In order to ease the mind-numbing tedium of hanging around Munich airport, T.T. and I started playing “Any-Letter Airport Code”. It’s a reasonably pointless game – but a great time killer – in which you take turns to come up with a three-letter airport code containing a letter from anywhere within the previous code (i.e., not just the last letter, like in similar party games).
It turned out to be quite fun. Here’s what we got:
MUC-DME-MAD-DBX-LAX-LHR-FRA-PUN-DUB-BRU-BCE-PEK-PKC- (and this is where it got trickier! But we got there!) -KUL-CUN-NAS-SVO-SFO-OGZ (I thought I’d beaten T.T. here for sure, but then he comes back and finishes me off!) – ZUR! Eeh, the things you (we) do when bored, eh? :)
It was just then that a stewardess approached us and told us to switch off all our electronic devices in a thick German accent that brooked no opposition.
Any-Letter Airport Code got me thinking: we could set up and organize a large-scale, multi-participant game of “Boarding Pass Bingo”! The idea is pretty straightforward:
- The host thinks of a two-digit number – XX – which is the number set for the winning “turn” (see below), without announcing it out loud, while at the same time presents the first boarding pass (with a three-letter airport code). Note: an airline ticket can be used instead of a boarding pass.
- The players take it in turns to show their scanned boarding passes (or air tickets) with airport codes containing a letter of the previous boarding pass (boarding passes must be no more than 12 (or, say, three or six) months old)).
- The winner is the person who shows a boarding pass/ticket at turn XX (note – the caller’s initial turn is turn number “0”).
- A boarding pass can only be used once per game. Boarding passes used in earlier games can be used again in new games.
- If you don’t have a boarding pass, you can use a photo as proof that you’ve been to the city in question.
- I don’t know what the prize would be yet.
- For privacy and security reasons I suggest removing or blocking out private details such as names and surnames, personal codes for frequent flyers, etc. But the date and flight number must remain untouched. There’s a three-turn penalty for any Photoshop fraud.
- To make the game more interesting, you can use the boarding passes of your friends and colleagues – but only boarding passes! And only once per game.
- No cheating!: Flight attendants, other airline employees and airport cleaners are not allowed to play! Pilots are welcome though.
- We could also have games with companies as participants (a kind of B2B game). Besides the prize, the winner would get a hefty discount on a corporate product for next year.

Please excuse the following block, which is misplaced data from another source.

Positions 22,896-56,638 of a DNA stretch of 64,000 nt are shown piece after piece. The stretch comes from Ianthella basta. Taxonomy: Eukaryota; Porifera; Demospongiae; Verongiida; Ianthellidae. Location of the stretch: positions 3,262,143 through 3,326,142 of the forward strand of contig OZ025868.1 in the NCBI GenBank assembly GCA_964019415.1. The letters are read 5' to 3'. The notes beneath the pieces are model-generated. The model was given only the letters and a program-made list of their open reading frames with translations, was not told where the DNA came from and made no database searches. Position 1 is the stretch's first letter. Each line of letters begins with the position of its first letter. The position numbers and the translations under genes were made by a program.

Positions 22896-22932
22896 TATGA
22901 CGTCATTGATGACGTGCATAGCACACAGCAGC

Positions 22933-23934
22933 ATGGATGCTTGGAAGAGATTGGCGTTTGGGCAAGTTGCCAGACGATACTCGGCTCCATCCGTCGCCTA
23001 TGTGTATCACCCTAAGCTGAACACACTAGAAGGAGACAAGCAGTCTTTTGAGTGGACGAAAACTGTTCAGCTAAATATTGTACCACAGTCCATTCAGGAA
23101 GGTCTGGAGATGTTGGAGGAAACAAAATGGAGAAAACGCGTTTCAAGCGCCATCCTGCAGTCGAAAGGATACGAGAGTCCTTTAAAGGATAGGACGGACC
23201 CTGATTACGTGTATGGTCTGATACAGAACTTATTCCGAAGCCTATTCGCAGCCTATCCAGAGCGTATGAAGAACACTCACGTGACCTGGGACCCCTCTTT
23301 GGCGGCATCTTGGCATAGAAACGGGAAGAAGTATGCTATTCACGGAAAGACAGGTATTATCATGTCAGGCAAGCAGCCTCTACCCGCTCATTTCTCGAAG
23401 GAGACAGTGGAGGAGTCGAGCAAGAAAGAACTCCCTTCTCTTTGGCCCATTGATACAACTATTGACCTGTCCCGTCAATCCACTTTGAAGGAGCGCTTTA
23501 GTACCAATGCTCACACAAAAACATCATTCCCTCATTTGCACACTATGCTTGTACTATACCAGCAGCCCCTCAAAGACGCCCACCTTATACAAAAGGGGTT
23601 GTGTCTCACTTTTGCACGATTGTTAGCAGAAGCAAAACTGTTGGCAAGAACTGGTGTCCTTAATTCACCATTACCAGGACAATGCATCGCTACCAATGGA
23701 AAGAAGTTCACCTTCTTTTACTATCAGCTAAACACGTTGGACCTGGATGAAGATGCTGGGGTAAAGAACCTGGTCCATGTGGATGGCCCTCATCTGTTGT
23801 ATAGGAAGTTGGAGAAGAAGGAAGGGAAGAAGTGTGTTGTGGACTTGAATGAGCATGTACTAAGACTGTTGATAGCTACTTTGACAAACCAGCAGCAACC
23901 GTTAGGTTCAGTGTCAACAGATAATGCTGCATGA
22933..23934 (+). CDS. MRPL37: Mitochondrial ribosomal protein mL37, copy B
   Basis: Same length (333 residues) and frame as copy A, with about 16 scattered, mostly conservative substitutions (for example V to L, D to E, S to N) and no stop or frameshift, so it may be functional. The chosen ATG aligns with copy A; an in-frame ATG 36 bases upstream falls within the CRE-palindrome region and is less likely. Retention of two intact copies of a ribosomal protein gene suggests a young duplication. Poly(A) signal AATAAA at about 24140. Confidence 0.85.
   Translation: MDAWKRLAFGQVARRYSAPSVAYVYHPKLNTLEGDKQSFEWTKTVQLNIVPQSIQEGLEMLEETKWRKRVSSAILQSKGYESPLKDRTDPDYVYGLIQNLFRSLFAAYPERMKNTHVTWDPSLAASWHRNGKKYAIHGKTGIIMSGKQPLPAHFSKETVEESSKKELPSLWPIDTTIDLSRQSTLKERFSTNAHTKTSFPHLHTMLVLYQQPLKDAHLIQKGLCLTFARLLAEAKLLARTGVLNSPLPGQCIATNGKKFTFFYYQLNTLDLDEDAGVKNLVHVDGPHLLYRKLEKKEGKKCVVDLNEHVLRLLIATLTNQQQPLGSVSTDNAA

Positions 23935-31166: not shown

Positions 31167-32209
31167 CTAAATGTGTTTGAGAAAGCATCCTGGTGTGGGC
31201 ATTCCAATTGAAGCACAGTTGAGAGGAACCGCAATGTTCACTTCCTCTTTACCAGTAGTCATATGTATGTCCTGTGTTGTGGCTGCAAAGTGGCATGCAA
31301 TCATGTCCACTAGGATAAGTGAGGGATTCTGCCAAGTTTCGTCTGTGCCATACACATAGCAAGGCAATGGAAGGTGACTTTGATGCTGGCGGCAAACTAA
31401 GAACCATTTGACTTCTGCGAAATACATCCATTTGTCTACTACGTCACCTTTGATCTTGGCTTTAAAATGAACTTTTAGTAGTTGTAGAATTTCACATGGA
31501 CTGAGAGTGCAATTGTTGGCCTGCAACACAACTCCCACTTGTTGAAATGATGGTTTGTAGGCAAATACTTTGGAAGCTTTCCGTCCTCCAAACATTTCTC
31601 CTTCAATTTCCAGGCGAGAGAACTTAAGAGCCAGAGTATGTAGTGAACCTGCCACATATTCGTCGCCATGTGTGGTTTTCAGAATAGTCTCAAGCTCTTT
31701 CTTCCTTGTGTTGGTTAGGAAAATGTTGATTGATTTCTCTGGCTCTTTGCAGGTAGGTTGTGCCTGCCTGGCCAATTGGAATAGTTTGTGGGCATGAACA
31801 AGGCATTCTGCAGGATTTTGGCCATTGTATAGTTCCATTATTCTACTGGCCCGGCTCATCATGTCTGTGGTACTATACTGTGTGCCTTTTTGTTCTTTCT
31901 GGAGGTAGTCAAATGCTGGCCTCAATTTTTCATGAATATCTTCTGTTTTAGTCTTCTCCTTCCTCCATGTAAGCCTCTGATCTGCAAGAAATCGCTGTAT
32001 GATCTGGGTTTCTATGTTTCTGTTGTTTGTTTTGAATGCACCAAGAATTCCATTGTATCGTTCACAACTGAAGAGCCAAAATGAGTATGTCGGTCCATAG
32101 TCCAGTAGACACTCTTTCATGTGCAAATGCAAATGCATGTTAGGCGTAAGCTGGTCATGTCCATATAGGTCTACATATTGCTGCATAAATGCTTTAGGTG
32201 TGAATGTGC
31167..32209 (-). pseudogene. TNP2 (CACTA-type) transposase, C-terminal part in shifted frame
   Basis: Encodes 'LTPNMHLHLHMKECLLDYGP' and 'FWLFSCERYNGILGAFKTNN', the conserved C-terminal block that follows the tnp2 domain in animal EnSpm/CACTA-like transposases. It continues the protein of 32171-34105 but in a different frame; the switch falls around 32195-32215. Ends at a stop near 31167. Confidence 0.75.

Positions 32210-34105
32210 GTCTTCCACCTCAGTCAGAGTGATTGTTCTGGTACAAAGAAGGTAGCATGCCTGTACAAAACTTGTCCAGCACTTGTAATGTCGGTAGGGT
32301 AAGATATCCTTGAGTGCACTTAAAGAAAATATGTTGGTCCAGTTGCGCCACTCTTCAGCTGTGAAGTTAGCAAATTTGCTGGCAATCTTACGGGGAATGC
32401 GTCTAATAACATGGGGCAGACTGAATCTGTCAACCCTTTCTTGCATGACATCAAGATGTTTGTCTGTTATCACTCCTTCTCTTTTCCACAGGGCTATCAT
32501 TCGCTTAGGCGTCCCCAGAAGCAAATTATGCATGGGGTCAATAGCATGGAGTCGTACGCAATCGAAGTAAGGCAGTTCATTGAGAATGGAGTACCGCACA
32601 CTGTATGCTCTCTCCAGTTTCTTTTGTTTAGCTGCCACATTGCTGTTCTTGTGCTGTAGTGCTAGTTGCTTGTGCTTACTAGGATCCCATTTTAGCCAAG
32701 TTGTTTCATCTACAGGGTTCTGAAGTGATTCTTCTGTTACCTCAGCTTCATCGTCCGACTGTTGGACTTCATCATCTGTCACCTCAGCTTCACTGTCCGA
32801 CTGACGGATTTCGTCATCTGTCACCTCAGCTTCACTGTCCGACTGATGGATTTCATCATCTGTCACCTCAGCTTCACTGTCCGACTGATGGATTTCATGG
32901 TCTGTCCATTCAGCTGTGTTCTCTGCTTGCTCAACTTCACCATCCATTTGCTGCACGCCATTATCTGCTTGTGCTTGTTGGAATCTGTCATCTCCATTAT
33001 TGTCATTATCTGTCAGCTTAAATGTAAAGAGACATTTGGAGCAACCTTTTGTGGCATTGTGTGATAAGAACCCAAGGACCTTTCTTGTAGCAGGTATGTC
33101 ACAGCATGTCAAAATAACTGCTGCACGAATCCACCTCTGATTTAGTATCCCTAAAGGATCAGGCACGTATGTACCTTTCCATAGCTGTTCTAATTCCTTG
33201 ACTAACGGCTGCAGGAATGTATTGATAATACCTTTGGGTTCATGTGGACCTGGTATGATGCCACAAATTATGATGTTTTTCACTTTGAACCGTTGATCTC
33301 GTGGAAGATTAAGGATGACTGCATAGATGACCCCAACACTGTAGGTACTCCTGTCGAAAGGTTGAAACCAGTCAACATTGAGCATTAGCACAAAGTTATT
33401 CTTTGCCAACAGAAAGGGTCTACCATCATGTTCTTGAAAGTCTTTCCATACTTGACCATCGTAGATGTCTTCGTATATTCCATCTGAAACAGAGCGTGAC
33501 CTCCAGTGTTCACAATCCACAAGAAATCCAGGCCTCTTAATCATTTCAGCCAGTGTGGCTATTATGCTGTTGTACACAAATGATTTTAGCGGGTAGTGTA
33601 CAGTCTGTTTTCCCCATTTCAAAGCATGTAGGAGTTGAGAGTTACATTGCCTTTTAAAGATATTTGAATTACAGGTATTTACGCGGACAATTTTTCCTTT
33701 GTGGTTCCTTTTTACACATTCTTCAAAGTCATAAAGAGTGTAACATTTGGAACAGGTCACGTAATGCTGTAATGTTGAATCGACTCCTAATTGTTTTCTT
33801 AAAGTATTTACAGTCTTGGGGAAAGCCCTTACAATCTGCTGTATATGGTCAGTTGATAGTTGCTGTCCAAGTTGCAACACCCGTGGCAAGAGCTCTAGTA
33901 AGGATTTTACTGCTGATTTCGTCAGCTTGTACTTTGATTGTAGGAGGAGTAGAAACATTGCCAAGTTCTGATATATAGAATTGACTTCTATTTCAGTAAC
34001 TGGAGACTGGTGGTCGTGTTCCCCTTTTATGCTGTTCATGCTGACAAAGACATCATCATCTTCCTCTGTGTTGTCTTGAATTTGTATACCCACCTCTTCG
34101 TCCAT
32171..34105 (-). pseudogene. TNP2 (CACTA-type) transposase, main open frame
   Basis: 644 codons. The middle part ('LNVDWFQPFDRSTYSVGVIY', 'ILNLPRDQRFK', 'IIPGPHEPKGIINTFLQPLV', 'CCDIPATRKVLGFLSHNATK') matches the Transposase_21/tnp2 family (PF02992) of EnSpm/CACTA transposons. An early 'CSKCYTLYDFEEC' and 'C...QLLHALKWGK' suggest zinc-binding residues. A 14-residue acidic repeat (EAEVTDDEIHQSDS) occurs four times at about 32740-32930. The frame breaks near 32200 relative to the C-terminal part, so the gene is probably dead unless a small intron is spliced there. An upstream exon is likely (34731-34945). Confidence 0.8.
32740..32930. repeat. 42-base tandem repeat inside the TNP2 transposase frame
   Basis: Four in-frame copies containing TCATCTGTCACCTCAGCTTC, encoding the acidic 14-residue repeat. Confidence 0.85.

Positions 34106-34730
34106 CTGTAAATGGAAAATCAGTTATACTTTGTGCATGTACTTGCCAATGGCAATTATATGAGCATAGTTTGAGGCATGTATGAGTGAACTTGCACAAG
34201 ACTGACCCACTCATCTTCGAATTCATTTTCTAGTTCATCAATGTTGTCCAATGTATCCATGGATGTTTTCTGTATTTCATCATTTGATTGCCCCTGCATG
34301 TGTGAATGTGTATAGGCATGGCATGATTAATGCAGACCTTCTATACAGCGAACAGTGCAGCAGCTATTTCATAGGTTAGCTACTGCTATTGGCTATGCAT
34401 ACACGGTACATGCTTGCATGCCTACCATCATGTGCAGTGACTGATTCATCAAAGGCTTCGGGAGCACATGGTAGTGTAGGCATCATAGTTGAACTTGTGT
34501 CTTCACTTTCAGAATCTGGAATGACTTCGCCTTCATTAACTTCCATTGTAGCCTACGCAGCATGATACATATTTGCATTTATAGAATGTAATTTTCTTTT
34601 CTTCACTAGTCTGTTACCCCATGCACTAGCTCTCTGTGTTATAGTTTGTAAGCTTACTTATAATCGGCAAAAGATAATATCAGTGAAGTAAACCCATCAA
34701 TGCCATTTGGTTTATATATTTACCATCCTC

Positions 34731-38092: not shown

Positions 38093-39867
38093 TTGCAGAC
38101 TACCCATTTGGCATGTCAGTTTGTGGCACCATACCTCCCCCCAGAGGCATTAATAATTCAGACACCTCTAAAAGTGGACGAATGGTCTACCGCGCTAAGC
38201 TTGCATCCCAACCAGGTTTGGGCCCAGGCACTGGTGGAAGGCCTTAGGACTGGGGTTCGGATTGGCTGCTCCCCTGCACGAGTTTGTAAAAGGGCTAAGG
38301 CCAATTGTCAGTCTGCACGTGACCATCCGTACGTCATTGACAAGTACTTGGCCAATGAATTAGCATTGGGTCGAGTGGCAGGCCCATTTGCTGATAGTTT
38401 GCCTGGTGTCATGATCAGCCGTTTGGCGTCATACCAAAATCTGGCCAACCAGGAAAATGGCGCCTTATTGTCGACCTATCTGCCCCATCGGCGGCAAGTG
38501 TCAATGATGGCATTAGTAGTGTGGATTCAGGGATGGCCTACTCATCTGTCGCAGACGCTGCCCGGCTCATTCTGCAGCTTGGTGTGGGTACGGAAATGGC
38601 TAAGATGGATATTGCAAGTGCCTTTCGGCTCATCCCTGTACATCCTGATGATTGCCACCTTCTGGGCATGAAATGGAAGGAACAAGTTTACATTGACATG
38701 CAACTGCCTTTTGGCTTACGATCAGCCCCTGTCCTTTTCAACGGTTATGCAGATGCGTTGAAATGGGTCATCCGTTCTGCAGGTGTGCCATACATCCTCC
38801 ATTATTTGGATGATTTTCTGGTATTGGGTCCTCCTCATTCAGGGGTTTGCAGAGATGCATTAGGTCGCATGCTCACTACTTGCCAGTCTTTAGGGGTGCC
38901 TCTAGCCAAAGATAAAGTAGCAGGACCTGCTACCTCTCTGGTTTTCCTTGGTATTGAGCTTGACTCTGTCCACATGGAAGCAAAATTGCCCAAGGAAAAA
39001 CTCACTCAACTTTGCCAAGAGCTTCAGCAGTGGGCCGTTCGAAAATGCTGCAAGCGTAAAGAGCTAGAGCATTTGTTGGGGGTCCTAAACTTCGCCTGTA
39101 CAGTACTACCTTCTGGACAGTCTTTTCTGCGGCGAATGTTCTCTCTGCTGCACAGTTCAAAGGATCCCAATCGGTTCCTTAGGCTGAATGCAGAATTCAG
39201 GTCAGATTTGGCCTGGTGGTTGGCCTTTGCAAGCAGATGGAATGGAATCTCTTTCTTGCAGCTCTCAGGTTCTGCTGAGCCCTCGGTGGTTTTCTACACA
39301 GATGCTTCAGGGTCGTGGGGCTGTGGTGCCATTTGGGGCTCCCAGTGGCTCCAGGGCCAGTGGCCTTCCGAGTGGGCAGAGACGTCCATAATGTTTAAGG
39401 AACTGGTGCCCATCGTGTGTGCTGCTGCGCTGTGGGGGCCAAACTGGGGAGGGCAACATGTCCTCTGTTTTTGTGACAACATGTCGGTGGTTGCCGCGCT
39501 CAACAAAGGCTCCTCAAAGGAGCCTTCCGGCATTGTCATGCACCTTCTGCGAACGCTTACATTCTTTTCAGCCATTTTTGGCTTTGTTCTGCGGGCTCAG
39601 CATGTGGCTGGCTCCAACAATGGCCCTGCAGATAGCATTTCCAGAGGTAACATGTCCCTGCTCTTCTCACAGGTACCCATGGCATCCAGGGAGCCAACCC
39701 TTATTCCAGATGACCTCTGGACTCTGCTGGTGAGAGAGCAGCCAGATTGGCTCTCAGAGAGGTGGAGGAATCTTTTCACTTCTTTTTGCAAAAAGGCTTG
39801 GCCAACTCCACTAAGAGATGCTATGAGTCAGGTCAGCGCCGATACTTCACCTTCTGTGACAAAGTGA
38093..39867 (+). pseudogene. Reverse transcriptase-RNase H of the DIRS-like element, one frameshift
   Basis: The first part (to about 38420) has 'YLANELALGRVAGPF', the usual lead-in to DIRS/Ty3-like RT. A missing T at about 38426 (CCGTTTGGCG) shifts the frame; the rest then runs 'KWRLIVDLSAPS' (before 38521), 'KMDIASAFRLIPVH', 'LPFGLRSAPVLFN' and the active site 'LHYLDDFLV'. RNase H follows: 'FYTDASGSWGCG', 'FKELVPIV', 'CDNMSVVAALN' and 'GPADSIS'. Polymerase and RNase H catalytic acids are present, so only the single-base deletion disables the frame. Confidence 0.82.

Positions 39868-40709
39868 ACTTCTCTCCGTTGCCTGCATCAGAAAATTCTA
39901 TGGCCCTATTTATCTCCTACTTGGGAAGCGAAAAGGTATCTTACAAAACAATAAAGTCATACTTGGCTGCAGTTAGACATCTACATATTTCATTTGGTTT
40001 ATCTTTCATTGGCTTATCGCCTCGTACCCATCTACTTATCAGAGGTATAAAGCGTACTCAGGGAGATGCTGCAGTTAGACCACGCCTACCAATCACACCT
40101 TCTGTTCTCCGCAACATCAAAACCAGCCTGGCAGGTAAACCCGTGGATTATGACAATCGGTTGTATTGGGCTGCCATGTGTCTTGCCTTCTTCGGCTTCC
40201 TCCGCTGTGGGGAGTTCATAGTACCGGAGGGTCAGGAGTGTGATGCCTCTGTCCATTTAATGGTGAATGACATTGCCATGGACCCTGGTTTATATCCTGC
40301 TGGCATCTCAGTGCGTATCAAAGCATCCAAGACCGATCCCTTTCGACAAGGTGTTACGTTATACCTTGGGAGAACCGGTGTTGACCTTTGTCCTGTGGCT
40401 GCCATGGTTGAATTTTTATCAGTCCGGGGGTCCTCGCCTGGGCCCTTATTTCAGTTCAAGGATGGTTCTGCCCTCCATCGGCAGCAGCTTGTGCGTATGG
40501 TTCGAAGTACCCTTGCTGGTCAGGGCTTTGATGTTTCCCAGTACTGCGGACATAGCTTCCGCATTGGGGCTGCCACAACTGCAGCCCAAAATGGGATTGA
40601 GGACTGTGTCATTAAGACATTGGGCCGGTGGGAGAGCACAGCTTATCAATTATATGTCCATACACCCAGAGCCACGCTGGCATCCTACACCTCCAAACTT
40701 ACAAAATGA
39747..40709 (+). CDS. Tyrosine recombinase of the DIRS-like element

- That’ll do for now. You can come up with the rest.
- Aaaaah, I can’t stop! There could also be inter-airline games! Aeroflot vs. Lufthansa, etc.!
So, fancy a game? I’ll be the host…
Hold on – all this game-creation talk has kept me from telling you the stuff I was originally wanting to tell you…
Miami: a real nice place. I think I need to go back there and take a more thorough look around. I didn’t get to see very much at all. We had two days of recharging the physical and emotional batteries and before you know it our suitcases are packed again and it was back on the road.
Over the pond, turns out the whole of London generally, and Heathrow in particular, is still preparing for the Olympic Games. The thronging crowds, long lines, sluggish staff, and out-of-service horizontal escalators must be part of some original British strategy for getting ready for the world’s biggest sporting event – and not in honor of my arrival in the United Kingdom to change planes (I thought the Brits might have been rancorous after my last (scathing) London-themed post!)
Btw, does anyone know what this green dummy-plane thingy is next to Virgin’s hangar at Heathrow Airport? Most odd…
And one more thing!
I was invited for the first time to the “24 Hours Munich” bash held by Deutsche Telecom. This was very exclusive, with only a few guests invited, and most interesting. It was a rather down-to-earth affair, simple with no bells on, and to-the-point – in keeping with these straitened times. A closed club for the euro/world IT-business top movers and shakers. I was honored at being invited as a guest. I got in some of my tales from the dark side of cyber-threats too – fairly scaring folks as I tend to do. Not for the sake of spooking them sadistically, but to have them think more seriously about a secure future; but regular readers know all that by now. Anyway, the meeting took place here:
The flight attendant has just walked down the aisle uttering those same dreaded words “please turn off all electronic devices” in her persuasive German. It’s times like these I recall my old dream of having mechanical musical ears that would look like a three-inch gramophone with a big old needle and a wind-up handle. They’d have some trouble finding anything electronic in that! I want my mechanical musical ears!
Oh, we’re landing… OK, OK – I’m turning off! Entschuldigung.
And finally – we’ve reached our destination. So, it’s hello from…
…Brussels! A kind of magnetism or something going on here – we keep getting drawn back to this city. What a shame. Not. Two Leffe, please. Dank u!